More Dogs’ Lives Will Be Saved Thanks to New Federal Law

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dog and veterinarianOn Friday, President Obama signed into law the Veterinary Medicine Mobility Act of 2014, which “ensures that veterinarians who treat animals caught in disasters, pulled from puppy mills or animal fighting rings, or otherwise located in remote areas may legally transport, administer, and dispense medicines without fear of violating federal regulations,” according to the ASPCA.

The new law enhances and clarifies the existing Controlled Substances Act of 1970, which prohibited veterinarians from transporting the drugs they needed to euthanize, anesthetize or manage pain in animals across state lines or away from where the vets were registered to do business.

The bill was introduced in the House by the only two representatives who are veterinarians: Kurt Schrader (D-OR) and Ted Yoho (R-FL). It was introduced in the Senate by Jerry Moran (R-KS) and Angus King (I-ME). It passed unanimously in both the House and the Senate.

Schrader was motivated to sponsor the bill after rural veterinarians who treated large animals and used their residential address as their primary place of business began getting notices from the DEA in 2012, warning that they were violating the Controlled Substances Act.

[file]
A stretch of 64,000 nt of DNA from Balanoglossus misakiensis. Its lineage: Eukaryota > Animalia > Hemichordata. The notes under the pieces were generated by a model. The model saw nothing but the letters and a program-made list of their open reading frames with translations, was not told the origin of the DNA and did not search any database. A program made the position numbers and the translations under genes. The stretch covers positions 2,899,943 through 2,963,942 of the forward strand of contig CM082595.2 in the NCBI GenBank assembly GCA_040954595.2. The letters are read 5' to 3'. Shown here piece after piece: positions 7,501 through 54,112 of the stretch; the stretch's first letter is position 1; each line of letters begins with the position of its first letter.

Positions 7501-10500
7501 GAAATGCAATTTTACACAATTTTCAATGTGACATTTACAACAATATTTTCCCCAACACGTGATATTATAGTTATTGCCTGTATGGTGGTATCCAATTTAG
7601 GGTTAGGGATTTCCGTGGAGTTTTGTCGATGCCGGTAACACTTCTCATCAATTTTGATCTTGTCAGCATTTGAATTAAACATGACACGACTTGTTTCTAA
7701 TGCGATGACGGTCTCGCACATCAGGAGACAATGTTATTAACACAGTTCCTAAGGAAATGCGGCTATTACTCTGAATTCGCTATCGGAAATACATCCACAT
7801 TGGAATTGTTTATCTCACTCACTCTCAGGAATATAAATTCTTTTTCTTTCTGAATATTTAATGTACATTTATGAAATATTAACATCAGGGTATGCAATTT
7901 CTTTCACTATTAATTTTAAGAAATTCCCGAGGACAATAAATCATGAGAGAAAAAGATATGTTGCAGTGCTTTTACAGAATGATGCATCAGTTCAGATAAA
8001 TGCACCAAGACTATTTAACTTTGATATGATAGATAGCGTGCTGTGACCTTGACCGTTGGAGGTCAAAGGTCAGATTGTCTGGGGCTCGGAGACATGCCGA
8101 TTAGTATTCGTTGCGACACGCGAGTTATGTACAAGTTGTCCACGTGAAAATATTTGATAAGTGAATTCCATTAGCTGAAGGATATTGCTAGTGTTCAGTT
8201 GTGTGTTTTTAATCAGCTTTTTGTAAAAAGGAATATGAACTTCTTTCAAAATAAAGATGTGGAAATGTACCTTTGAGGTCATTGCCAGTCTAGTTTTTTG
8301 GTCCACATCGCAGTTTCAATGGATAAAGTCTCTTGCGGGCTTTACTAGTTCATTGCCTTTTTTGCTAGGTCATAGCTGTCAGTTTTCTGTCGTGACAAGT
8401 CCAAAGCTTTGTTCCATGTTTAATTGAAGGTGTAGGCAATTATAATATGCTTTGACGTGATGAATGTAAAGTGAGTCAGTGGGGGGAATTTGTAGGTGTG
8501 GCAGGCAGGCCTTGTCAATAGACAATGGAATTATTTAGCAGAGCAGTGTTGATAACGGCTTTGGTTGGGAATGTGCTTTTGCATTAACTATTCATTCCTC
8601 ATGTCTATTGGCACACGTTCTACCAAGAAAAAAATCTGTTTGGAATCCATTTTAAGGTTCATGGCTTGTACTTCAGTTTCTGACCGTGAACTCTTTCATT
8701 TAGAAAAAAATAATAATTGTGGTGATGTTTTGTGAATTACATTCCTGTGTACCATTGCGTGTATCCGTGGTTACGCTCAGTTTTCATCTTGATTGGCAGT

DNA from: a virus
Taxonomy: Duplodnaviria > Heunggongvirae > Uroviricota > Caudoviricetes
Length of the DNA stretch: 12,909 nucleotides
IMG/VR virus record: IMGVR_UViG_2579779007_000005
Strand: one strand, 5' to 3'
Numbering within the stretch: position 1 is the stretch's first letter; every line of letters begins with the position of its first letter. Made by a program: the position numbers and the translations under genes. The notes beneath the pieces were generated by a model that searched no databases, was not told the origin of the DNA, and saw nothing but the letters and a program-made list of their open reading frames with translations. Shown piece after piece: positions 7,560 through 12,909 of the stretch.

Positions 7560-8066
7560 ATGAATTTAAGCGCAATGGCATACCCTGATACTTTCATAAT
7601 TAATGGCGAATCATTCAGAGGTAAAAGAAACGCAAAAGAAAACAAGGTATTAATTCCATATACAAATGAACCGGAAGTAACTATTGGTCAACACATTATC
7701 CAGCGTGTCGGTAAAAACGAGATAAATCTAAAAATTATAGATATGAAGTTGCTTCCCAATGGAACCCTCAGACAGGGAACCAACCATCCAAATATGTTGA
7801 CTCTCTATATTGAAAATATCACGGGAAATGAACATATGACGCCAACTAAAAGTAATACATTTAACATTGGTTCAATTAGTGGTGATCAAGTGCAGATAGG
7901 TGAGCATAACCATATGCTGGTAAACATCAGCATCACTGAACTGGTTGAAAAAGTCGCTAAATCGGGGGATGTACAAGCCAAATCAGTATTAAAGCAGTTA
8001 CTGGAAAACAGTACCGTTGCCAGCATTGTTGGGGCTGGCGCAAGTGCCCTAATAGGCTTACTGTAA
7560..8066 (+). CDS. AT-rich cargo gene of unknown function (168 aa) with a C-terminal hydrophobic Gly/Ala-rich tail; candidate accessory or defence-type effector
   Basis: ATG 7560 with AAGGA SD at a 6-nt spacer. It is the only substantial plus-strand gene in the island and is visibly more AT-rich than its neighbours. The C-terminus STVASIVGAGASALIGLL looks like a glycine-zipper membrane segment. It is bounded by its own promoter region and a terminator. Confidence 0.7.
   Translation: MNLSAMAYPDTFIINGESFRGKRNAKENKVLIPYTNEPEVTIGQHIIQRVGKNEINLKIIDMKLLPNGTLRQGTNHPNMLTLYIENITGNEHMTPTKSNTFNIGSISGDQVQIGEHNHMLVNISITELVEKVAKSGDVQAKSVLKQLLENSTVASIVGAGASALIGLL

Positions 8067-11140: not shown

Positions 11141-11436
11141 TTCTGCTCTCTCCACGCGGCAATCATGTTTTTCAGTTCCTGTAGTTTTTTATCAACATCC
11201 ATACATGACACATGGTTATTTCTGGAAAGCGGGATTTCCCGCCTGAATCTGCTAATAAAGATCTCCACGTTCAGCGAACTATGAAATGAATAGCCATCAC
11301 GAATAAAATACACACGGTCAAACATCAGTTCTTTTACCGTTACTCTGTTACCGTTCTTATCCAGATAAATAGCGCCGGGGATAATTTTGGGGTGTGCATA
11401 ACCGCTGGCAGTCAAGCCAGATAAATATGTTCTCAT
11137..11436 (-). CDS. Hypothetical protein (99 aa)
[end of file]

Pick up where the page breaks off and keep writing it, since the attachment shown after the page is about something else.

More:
“Today is a victory for veterinarians across this country, but more importantly, it’s a victory for the health and well-being of the animals they are entrusted to care for,” Rep. Schrader said in a statement when the bill was passed by Congress on July 8.

“Ridiculous bureaucratic interference from the DEA would have seriously impeded veterinarians’ ability to properly treat their patients. The Veterinary Medicine Mobility Act will provide veterinarians with the certainty they need to continue to providing mobile or ambulatory services for their animal patients.”

Prompted by the American Veterinary Medical Association (AVMA), thousands of vets sent letters to Congress in support of the bill.

“This commonsense legislation will allow veterinarians the ability to provide complete care to their animal patients beyond their clinics,” the AVMA stated.

Photo credit: Tony Alter